Beautiful people, crowded dance floors, great food, and an open bar – typically, these are all on the menu for many Punjabi weddings. However, there is much more than that. In this post, we are going to break down the Sikh wedding week, event by event.
Keep reading, if you want to learn more!
Table of Contents
While pre-wedding ceremonies differ regarding religious affiliation and region they follow a specific format that acts as a way for the families of the Bride and Groom to get to know each other as well as recognize the relationship and future between both parties.
If you find yourself at Mayian ceremony, consider yourself lucky! You’re officially a part of the pre-wedding ceremony! Starting from day one, the bride and groom both have Mayian at their own homes. The Mayian is a process where family members apply Haldi (a yellow paste) to the skin. This Haldi is believed to have beautifying effects on the skin, and is usually applied some days before the wedding. The haldi process is intentionally messy!
On the same day you might have dancing (e.g. Bhangra) with drums such as the Dhol playing, depending on the family. Women on the other hand, might be singing and dancing to some folk songs.
Tl;dr, get ready to make a yellow mess of the bride or groom, jam out to the folk tunes, and enjoy a pakora (a fried fritter) while you’re there.
Typically, after the Mayian, there is a Jago event. The Jago is a pre-wedding event, which generally happens the night before the wedding. For context, Jago literally translates to “Wake up!”. Traditionally, the Jago would consist of the bride or groom’s family lighting oil lamps, singing folk songs, all while traveling from house to house within their respective villages. The event is done at night, and intended to wake up neighbors, with the intent of sharing the celebration with them! In North America, many Punjabis have adapted the event to an American environment. Therefore, if you find yourself at a Jago, it’s more likely to feel or be like a party at someone’s home or in a banquet hall. You’ll find members of the family getting on the dance floor, using a variety of props (e.g. Jago sticks, pots, etc.).
As alluded to earlier in this post, food and dance are typically on the agenda for this event, so come hungry and excited!
Another pre-wedding ceremony is the Choora ceremony. This ceremony is more intimate, and certainly much more mellow than the Jago event. Furthermore, it is done either at the bride’s home, or wherever she may be residing (e.g. an AirBnB) uring the event. For context, choora is a Punjabi word for bangles. The ceremony is typically done the morning of the wedding ceremony, or the night before.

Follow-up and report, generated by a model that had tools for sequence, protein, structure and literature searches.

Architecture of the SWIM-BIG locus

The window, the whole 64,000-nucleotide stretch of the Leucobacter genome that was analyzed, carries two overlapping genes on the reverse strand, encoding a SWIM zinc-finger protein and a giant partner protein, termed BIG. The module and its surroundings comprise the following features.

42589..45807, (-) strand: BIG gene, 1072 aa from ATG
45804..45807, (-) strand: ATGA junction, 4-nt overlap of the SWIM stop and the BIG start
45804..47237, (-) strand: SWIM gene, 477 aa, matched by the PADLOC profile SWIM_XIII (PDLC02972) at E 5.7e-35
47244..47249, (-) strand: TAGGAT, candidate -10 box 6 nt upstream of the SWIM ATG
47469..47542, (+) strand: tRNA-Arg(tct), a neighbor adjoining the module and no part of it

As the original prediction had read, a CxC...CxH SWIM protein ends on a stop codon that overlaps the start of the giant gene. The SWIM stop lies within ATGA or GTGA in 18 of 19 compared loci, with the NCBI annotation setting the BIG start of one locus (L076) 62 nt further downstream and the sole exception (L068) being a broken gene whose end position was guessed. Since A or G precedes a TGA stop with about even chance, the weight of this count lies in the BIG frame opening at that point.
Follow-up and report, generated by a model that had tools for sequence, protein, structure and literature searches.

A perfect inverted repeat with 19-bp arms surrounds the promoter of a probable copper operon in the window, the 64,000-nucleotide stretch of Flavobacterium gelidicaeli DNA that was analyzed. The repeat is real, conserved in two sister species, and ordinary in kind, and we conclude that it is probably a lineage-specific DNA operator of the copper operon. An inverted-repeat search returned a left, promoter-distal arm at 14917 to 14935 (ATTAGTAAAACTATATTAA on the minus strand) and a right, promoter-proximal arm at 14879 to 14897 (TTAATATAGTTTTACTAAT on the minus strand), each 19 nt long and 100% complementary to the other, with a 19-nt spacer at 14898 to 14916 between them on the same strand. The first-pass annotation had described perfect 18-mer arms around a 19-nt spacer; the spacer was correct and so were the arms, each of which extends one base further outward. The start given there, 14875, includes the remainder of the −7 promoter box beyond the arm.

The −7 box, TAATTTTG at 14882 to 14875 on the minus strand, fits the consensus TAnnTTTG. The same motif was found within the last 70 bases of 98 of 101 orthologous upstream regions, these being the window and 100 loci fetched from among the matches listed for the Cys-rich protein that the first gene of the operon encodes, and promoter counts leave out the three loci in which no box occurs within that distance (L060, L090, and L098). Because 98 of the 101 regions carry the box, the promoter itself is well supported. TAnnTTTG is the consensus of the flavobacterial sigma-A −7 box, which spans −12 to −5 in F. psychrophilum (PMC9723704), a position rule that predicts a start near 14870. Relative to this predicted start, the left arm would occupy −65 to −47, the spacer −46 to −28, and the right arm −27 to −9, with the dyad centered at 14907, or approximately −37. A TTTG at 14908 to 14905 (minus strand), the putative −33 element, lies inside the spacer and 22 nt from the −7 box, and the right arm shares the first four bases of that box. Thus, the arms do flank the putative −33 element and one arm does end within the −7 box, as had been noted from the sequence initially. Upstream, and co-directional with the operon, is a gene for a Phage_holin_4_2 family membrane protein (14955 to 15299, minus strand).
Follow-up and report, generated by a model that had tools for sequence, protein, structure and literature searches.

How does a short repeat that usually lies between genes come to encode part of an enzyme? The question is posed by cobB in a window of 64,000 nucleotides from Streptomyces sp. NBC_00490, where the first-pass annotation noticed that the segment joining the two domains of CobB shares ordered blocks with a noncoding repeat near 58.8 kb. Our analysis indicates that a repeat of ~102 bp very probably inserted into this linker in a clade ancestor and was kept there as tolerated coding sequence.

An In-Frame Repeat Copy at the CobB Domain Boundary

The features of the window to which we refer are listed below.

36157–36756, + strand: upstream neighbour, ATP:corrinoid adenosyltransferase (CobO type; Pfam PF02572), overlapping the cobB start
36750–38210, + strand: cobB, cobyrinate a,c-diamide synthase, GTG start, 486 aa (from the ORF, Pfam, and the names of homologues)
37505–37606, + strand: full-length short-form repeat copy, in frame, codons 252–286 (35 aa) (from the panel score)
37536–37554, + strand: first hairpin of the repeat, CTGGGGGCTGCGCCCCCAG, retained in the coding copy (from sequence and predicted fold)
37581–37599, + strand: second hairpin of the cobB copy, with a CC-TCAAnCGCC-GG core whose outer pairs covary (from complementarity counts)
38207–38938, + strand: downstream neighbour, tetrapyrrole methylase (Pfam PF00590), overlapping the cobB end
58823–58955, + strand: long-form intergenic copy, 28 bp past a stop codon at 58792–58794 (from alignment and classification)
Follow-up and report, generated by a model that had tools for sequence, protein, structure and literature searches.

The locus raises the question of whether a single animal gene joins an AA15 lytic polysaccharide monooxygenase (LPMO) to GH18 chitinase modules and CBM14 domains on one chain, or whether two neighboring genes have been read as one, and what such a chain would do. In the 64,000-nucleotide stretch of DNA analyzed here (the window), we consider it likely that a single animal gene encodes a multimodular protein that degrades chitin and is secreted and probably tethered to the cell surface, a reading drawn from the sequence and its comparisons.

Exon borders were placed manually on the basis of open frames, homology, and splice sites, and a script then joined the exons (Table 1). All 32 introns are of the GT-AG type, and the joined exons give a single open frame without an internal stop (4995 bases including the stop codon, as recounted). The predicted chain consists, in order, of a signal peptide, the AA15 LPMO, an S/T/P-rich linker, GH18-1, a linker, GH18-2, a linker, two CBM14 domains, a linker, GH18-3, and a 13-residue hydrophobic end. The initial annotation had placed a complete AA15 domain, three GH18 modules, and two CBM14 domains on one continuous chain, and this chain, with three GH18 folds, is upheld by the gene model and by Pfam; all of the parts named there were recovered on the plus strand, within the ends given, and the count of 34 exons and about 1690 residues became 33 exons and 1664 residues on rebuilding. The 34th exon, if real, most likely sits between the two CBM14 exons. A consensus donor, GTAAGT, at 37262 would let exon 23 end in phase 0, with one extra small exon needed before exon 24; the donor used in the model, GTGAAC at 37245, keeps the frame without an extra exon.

In terms of the ceremony’s customary traditions , the mama (the maternal uncle of the bride) brings red bangles and other gifts and put them on to the bride. Sometimes if a mama is unavailable, the bride’s family may choose another close male, to play the mama’s role.
The Morning Before The Ceremony
For the bride and groom, their days start early. The bride will wake up around 3:00 AM, so that her makeup artist can start beautifying her.
While she’s getting ready, the groom will also wake up around 4am at his home. He will have his uncle, father, and grandfather helping him tie his turban and get him dress. Once both the bride and groom are ready, they’ll start taking pictures with their family members.
After the bride and groom finish their preparations at their respective homes, they head over to the Gurdwara. Once both reach the outside of the Gurdwara, there is a grand procession referred to as the Baraat. The procession will consist of the bride and groom’s families walking toward each other. The groom’s side may be accompanied by a Dholi(s), along with friends and family who are dancing along to the drum’s beat.
The Baraat will conclude with both families meeting in the middle, where the bride’s side will accept and welcome the groom’s the groom’s family. This marks the beginning of the Milni event, which typically happens right in front of the Gurdwara. For context, Milni roughly translates into the word, “Introductions”. Therefore, the event is meant to be a formal and loving introduction of family members from both sides. The event is kicked off with a collective Ardaas (a Sikh prayer). Following the prayer, there is a lot of fun happening here where each respective member of the family from both sides will put a garland on each other, hug it out and try to lift each other to see who would come out on top. Depending on how large the families are, the Milni could last anywhere from 45 minutes to 1.5 hours.